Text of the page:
Seychelles South and West Mahé Landscapes

Seychelles South and West Mahé landscapes featuring Intendance, Anse Bazarca, Petite Police in the south. And Anse Takamaka, Baie Lazare, Anse a la Mouche, Anse Boileau, and Grand Anse on the west coast.

South Mahé

My three favourites beaches are south of the Coast Road between Anse Forbans and Takamaka Beach. Namely, Anse Intendance, Anse Bazarca and Petite Police, all accessible by following the Chemin Grande Police Road/Intendance Road, which runs south from Quatre Bornes. All three beaches are great for landscape, nature, and wildlife photography. Also, they have good shade and do not get crowded.

Anse Intendance Coastal Landscapes

Anse Intendance

The Banyan Tree Seychelles resort on Intendance Road has a public car park that allows access to the beach. Arguably the best beach on Mahé with its long white sandy bay. However, it does not have a fringing reef, so it is not safe for swimming. It is trendy, so it tends to get a little crowded, and resort villas occupy most of the beachfront. Furthermore, it is a turtle nesting beach, and I have seen a couple of Hawksbill Turtle coming ashore at the north end. Number three on my list of top Mahe beaches.

Anse Bazarca Coastal Landscapes

Anse Bazarca Beach

The beach backs onto the Chemin Grande Police Road and is situated just west of Petit Police. It is number one on my top Mahé beaches list and my favourite because of the wildlife.

Each week of our holiday, we spent several days visiting this beach to watch and photograph hawksbill turtles that come ashore during the day hours. Green turtles also nest here at night, but I have only seen their tracks. While waiting for the turtles to come ashore, I photograph beachscapes and other wildlife, including migrant and native shorebirds (waders) that forage along the shoreline.

Monsoon Influence on Anse Bazarca Beach

The beach profile at Anse Bazarca changes in October when the southwest monsoon changes to the northwest monsoon.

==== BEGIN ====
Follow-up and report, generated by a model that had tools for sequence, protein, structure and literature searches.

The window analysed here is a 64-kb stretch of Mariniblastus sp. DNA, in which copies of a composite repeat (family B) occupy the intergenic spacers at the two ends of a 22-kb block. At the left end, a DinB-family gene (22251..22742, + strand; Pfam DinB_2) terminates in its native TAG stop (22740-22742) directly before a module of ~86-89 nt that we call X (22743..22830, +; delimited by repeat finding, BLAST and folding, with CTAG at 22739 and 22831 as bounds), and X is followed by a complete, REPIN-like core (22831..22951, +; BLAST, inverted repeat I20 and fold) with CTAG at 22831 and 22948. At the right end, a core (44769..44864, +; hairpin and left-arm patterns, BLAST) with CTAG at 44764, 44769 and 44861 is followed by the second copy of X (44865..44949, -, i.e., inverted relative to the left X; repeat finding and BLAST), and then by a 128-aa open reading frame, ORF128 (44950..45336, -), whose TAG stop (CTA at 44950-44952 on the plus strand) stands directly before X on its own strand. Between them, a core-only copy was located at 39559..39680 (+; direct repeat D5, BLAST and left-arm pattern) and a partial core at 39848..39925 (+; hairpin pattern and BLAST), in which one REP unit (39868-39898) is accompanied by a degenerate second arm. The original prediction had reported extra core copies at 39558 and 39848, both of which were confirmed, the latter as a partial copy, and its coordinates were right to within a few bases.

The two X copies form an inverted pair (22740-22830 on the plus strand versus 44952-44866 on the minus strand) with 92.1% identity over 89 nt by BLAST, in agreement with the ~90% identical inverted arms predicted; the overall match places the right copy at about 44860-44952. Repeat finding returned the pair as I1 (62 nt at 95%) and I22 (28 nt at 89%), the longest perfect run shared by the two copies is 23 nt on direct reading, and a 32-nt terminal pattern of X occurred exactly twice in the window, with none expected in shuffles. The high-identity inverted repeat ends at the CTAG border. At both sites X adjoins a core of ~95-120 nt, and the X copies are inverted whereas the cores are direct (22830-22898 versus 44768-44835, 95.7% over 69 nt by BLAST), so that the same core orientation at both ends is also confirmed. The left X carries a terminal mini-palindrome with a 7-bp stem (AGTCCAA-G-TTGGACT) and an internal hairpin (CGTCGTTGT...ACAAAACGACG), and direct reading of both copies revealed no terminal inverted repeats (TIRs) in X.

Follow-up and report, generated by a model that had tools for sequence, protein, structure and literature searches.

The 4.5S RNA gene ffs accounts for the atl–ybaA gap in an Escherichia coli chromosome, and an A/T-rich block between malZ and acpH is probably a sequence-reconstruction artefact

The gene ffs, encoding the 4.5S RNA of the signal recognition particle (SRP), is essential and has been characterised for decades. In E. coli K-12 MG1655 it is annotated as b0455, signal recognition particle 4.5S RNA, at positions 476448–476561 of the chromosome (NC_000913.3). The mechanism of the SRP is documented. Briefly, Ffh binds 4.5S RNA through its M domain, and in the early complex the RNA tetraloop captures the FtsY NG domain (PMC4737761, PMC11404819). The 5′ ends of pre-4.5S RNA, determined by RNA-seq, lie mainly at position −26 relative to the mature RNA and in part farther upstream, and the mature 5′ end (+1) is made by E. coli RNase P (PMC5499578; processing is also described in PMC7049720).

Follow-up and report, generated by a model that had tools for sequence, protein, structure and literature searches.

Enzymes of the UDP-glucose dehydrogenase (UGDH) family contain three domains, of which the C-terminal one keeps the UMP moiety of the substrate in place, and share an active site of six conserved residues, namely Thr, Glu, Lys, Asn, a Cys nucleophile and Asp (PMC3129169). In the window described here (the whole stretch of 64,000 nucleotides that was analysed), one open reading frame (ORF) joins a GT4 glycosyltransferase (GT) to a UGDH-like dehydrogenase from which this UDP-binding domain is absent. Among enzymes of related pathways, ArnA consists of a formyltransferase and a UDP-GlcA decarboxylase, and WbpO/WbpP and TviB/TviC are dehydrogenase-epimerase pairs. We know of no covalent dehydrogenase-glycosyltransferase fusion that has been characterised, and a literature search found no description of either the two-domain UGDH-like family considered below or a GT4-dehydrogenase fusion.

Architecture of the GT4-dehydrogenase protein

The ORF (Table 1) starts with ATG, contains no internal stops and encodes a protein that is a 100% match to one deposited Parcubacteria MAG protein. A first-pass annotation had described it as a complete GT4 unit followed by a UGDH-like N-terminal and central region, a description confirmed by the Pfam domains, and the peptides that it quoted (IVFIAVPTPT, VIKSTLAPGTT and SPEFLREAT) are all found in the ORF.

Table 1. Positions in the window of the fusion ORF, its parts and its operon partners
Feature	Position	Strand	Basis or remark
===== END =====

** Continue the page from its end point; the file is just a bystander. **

From May to September, the southwest monsoon coincides with the prevailing South Equatorial Current flows in a westerly direction across the Indian Ocean towards Mahé. These ocean currents suck sand off the beach, exposing the old coral formations and slabs. The first image in the gallery shows the sand loss in October.

From October to April, the East African Coastal current changes course, becoming the Equatorial Counter Current flowing eastwards to Seychelles during the northwest monsoon. This ocean current throws sand back onto the beach, covering up the rocks, as shown in the photos.

By the end of our visit in October 2012, the beach sand was around the same level as our first visit in November 2011.

Petite Police Coastal Landscapes

Petite Police

At the end of Chemin Grande Police Road on the southern tip of Mahé is a dirt road that leads to the secluded Petite Police Beach. There is little sand with many rocks, and the sea has dangerous currents, making swimming unsafe. Still, the cove offers opportunities for seascape photography and bird watching. Some fine casuarina pine trees fringe the dirt track and beach, giving shade from the sun.

West Mahé

West Mahé is north of Takamaka Beach to the Sans Soucis Road and Port Launay Road junction. The North Coast Road passes several beaches, including Anse Takamaka, Baie Lazare, Anse a la Mouche, Anse Boileau, and Grand Anse beaches.

West Mahé Panorama

Panorama at Anse a la Mouche bay on Mahé Islands west coast in Seychelles
Panorama at Anse a la Mouche bay on Mahé Islands west coast in Seychelles

West Mahé Coastal Landscapes

Anse Takamaka

It is a small cove with Chez Batista Villas at the south end of the beach.

Baie Lazare

A splendid beach but does have some resort villas that occupy some beachfront. Also, the sand is finer away from the public accessible end, where it is much coarser. To reach the beach, follow Anse Soleil Road then the very narrow Anse Gouvernment Road towards Pebbles Cove Reef. It is worth the drive as photography at this north end of the beach can be rewarding, and trees give plenty of shade.

Anse a la Mouche

The West Coast Road skirts this horseshoe bay for around four kilometres. A few exciting rock formations and views across the bay from the north end make it interesting for seascape photography. The reef is quite extensive.

Anse Boileau

It has one of the least impressive beaches on the west coast, with coarse sand and mud; locals moor their boats near the beach.

Grand Anse

There is no coral reef on this long sandy beach.